The hardest thing in the world is to find a story people have not heard before. And it is easy to see why Maria Susairaj’s story would make a Ram Gopal Varma excited about a narrative that even an Anurag Kashyap, who is fast becoming the master of dysfunction and human darkness, would not be able to conceive. So yes Ram Gopal Varma’s Not A Love Story is about a murder we all have been shaken and sickened by. And yet the only thing I carried with me as I left the cinema hall was the memory of Mahi Gill’s legs and the way the camera crawls up and down their length. In one shot, it suddenly and without a context projects what I will politely call as her red satin encased cleavage. Maybe the camera is foretelling what is going to happen a few moments later. But then the camera in this film as in most RGV films, is like an unhinged mind that suddenly and inexplicably darts in dark corners.
And suddenly tilts itself to see what a car, a building, a woman looks like upside down. That suffers from an attention deficit disorder as it restlessly slams into things, people, grows fuzzy and bleary, sees things that are not there, focuses on things that have no connection with anything. For instance when Anusha (Mahi Gill) gets off a vehicle and a male acquaintance calls out to her, she swirls and we see her strappy shoes in a quick flash. Why? No idea really. Also half way through the film, RGV decides to revisit Bhoot where we saw multiple shots of a skyscrapper where the action unfolds. And so here too, the building where the actual murder took place (the film was shot in flat below Susairaj’s house where Neeraj Grover was done to death), is captured again and again and again in sharp, edgy angles with noisy sound effects.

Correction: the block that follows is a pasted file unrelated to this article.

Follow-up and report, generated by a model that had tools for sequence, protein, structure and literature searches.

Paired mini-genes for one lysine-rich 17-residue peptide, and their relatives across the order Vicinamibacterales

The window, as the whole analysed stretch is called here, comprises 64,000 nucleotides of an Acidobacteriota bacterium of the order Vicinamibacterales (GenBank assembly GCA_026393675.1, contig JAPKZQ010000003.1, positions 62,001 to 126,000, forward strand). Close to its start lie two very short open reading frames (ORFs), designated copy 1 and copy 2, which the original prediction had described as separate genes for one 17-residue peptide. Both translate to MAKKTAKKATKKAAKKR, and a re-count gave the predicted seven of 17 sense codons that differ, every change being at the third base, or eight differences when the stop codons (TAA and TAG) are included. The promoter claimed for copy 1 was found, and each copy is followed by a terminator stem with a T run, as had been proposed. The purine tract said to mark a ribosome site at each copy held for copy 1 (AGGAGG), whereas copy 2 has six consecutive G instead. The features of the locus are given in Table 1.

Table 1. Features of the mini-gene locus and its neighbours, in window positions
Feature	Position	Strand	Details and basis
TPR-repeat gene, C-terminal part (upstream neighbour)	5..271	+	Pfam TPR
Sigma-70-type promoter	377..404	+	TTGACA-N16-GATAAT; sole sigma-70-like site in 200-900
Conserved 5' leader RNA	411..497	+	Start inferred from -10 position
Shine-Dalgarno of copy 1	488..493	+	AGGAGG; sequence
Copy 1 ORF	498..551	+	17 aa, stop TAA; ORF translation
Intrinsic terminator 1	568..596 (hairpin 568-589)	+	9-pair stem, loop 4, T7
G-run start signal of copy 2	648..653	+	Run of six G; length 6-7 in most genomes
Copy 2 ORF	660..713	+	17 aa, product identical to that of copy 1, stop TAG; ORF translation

Also many things flitted across the mind while I sat through this film. One of RGV’s most successful films ever, Rangeela to start with because in this film, he really takes us by the nose and rubs it in the contrast between a fairy tale and a real life story of ambition and murder.
Mahi Gill’s Anusha dances to the Rangeela song (it is also her caller tune and keeps interrupting her constantly) in a bare, one bedroom apartment, surrounded by tacky posters of heroines she wants to emulate. She is not wide eyed like Urmilla’s Mili who remained inviolable and innocent even though the camera lingered on body parts, tousled hair, eyes glazed with desire, quivering lips. She was objectified from a distance but here Anusha is all body which is not even portrayed with the aesthetic gloss of Rangeela. We see her knees, calves, yes her cleavage as if she has nothing more to her.
Gill is presented cleverly as a wannabe who thinks she has it but doesn’t and when you see her at a photo shoot, RGV makes all the efforts to show us that she has by industry standards, an out-of-shape body. The clothes she is posing in are tacky. That she is not star material is emphasised again and again as when her companion tells an auto driver that she is the star of tomorrow and he does not even look back to give her a second look or when a police officer asks her, “You are a heroine?” So yes, we get it, this is not another Hindi version of A Star is Born but the story of a woman caught between men who want her for different reasons. Her boyfriend Robin (Deepak Dobriyal, acting convincingly as a manic boy friend) who is obsessed with her and can’t stand it that she has a life and ambition he has no part in. And film directors and men from the industry who see in her, a burning ambition waiting to be compromised.